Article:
• People didn’t fly the Atlantic any more if they could help it, except from bravado. Even if your plane wasn’t sabotaged or hijacked, it was certain to be behind schedule.
    Not that there was much to be said for ocean travel either, since the sinking of the Paolo Rizzi last summer and the drowning of thirteen hundred passengers in a sea made foul by a hundred and eighty thousand tons of oil from the tanker she’d collided with.
    Moral, definitely: stay home.
    • March “RAVELED SLEEVE”
  • The plane droned on through the black sky, above the clouds masking the Atlantic. It suddenly occurred to Michael that he ought to look at the moon. He hadn’t seen it all the time he was in Paris, nor the stars.
    He slid up the blind of his window and peered out. There was no moon visible. When he consulted his diary he discovered that it had set, a tiny sliver, at exactly the time the plane had taken off from London.
    • March “RAVELED SLEEVE”
  • All this time, though, this feeling that the world was ‘’bound’’ to go to hell! Okay, so it’s true these mothers have turned prairies into dustbowls and used the sea for a giant sewer and laid concrete where there used to be forests. So stop them! Don’t just let them walk over you, crush you face-down into the dirt!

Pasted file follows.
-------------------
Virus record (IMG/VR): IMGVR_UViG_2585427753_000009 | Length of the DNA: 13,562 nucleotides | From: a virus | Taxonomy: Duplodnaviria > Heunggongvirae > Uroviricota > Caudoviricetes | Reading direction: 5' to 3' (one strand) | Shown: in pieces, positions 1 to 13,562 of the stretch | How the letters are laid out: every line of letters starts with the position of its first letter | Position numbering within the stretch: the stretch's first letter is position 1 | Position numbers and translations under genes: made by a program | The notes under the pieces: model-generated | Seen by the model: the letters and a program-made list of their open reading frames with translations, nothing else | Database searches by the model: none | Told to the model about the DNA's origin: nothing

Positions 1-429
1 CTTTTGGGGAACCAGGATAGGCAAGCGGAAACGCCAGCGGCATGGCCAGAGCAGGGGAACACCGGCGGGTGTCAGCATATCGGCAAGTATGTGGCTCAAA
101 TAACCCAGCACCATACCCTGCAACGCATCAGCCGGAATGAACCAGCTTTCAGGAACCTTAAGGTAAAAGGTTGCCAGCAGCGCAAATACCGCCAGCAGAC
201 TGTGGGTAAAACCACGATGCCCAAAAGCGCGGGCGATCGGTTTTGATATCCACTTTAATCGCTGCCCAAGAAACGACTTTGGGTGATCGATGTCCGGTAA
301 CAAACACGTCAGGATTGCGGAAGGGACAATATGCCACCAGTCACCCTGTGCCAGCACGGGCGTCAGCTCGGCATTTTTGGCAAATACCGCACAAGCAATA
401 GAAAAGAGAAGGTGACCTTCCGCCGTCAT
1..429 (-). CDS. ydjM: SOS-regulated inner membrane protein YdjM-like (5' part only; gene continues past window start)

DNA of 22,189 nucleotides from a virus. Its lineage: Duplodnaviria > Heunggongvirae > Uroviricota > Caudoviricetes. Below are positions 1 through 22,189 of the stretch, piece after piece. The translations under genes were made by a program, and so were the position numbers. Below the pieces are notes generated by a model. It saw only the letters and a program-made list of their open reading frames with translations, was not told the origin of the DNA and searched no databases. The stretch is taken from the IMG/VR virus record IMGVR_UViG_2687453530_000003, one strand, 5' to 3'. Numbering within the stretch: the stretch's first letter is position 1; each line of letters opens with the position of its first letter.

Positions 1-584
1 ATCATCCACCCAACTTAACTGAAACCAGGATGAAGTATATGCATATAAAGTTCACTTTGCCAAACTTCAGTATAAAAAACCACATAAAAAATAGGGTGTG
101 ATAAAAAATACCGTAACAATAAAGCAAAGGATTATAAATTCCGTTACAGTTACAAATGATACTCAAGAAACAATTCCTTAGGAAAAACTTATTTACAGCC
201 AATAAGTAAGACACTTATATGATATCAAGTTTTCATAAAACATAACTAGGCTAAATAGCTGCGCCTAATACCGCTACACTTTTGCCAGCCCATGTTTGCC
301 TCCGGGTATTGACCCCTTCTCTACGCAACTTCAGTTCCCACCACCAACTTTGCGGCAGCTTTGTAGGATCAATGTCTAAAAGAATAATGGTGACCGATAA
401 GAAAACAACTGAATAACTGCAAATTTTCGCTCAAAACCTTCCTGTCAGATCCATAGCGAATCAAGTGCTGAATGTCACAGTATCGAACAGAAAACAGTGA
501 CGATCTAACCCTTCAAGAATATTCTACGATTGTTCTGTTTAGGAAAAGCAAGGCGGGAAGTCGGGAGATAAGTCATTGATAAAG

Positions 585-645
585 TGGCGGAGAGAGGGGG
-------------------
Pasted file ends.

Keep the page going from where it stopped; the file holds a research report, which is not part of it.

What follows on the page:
Crush them first!
    • April “REHEARSAL”
  • Latro, California: “Terrible diarrhea, Doctor, and I feel so weak!”/”Take these pills and come back in three days if you’re not better.”
    Parkington, Texas: “Terrible diarrhea. . . .”/”Take these pills . . .”
    Hainesport, Louisiana: “Terrible . . .” “Take . . .”
    Baker Bay, Florida . . .
    Washington, DC. . . .
    Philadelphia, Pennsylvania . . .
    New York, New York . . .
    Boston, Massachusetts . . .
    Chicago, Illinois:
    “Doctor, I know it’s Sunday, but the kid’s in such a terrible state—you’ve got to help me!”/”Give him some junior aspirin and bring him to my office tomorrow. Goodbye.”

    EVERYWHERE, USA: a sudden upswing in orders for very small coffins, the right size to take a baby dead from acute infantile enteritis.
    • April “THE TRIAL RUNS”
  • This year we take our vacation somewhere else. Where is there where Americans aren’t likely to be stoned by a howling mob? Spain, Greece? No, got to be out of range of the stench from the Med.
    Looks like we might as well stay home.
    • May “BLANKET”